Jordan Brookes: Body of Work
- Murray Robertson
- 6 August 2017
This article is from 2017
Unsettling and unpredictable fare battles hard against the elements
Jordan Brookes falteringly takes to the stage and efficiently sets the tone: he's a rakish, belligerent performer blessed with an expressive face and macabre disposition.
After a hilariously inappropriate vocal warm-up, he launches into a painfully absurd explanation of the complex relationship he claims to have developed with his now-deceased gran. This allows Brookes to weave a grotesque narrative featuring deeply unsettling thoughts about his closest family members and his beloved dog.
Performing in a tiny side room within an extraordinarily rowdy venue, Brookes is seasoned enough to make significant capital from the noise bleed. He's also very capable of turning audience interaction to his favour while keeping everyone slightly on edge. Brookes is certainly wholly unafraid of drawing out silence for maximum effect, although viewers at the back (while safer from his occasional ire) may miss out on some of his more subtle physical gags.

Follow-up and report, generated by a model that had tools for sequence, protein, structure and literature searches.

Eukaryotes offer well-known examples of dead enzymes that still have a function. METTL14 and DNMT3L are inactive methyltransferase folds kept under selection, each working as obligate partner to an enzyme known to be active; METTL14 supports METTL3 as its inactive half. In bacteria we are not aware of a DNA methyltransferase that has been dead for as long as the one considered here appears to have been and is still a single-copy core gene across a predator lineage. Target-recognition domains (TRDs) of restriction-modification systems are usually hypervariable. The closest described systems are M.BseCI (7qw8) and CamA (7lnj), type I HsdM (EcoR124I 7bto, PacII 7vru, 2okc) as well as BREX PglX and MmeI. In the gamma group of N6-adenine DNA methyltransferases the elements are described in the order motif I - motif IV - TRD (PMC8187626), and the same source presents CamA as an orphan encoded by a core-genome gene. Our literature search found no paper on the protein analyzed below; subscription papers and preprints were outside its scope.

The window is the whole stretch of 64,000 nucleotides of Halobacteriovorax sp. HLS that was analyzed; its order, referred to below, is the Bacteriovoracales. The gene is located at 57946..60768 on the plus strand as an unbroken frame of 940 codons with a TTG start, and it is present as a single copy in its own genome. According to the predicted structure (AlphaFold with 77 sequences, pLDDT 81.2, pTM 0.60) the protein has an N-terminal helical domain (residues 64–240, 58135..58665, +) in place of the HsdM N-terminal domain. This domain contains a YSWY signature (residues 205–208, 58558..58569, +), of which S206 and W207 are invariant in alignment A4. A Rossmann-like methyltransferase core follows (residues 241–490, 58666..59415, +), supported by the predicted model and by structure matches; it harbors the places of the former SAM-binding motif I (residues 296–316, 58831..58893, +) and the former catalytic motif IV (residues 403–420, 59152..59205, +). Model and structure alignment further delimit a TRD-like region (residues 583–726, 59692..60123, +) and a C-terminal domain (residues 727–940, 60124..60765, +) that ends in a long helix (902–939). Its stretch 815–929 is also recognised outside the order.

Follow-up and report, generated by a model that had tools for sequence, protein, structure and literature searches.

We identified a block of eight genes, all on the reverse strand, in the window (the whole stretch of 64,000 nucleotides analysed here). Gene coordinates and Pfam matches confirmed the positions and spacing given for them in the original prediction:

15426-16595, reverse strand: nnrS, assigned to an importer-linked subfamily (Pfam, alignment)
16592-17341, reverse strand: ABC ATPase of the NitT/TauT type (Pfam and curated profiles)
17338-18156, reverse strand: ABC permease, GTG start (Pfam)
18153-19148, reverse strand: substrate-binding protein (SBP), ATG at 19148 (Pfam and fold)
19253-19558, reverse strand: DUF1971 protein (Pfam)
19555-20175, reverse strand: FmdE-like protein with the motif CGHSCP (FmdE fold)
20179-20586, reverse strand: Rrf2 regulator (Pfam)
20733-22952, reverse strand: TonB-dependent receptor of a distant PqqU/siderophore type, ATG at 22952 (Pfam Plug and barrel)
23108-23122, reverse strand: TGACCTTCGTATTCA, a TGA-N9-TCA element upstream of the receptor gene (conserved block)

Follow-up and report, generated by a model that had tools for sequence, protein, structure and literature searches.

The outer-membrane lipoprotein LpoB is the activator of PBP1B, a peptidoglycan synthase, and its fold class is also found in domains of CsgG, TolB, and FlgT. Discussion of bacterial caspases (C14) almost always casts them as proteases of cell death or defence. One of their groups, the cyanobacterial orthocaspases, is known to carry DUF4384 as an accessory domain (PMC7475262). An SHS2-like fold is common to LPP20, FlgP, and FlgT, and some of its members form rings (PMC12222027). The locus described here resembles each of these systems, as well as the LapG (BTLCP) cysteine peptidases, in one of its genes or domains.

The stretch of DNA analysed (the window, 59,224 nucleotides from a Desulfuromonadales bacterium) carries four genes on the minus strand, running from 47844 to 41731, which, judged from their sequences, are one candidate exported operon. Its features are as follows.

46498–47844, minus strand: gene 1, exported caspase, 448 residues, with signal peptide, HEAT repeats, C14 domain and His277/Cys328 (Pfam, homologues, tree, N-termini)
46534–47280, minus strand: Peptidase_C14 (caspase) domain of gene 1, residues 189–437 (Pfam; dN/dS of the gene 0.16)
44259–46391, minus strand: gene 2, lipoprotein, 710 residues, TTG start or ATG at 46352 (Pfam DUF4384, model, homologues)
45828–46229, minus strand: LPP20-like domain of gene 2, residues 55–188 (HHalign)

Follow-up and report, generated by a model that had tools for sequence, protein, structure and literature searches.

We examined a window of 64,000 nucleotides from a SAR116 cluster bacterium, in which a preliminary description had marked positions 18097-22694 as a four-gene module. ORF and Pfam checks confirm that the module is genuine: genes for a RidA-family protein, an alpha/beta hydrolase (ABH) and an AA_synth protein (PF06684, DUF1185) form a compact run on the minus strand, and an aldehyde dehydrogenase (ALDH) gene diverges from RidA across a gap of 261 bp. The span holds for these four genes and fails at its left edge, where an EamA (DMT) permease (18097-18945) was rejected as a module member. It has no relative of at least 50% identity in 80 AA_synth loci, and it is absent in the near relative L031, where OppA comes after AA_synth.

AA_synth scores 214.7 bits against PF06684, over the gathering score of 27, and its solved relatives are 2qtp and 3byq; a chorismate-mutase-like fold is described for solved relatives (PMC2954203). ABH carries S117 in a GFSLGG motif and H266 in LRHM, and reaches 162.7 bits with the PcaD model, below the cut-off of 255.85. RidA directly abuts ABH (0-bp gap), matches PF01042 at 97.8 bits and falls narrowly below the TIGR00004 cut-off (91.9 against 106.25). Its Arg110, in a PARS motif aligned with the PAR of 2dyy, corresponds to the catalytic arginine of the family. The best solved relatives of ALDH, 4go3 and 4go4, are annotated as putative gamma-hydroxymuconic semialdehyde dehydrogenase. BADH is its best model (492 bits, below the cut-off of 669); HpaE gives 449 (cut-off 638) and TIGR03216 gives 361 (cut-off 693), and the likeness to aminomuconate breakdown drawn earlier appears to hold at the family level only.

A truly captivating comedian, Jordan Brookes is wonderfully unpredictable and gloriously menacing, but it's a shame that he doesn't have a stronger ending here. Mind you, it's perhaps in keeping with his chaotic persona that he can't more succinctly bring things to a close.
Laughing Horse @ Finnegan's Wake, until 27 Aug (not 14), 6.15pm, free.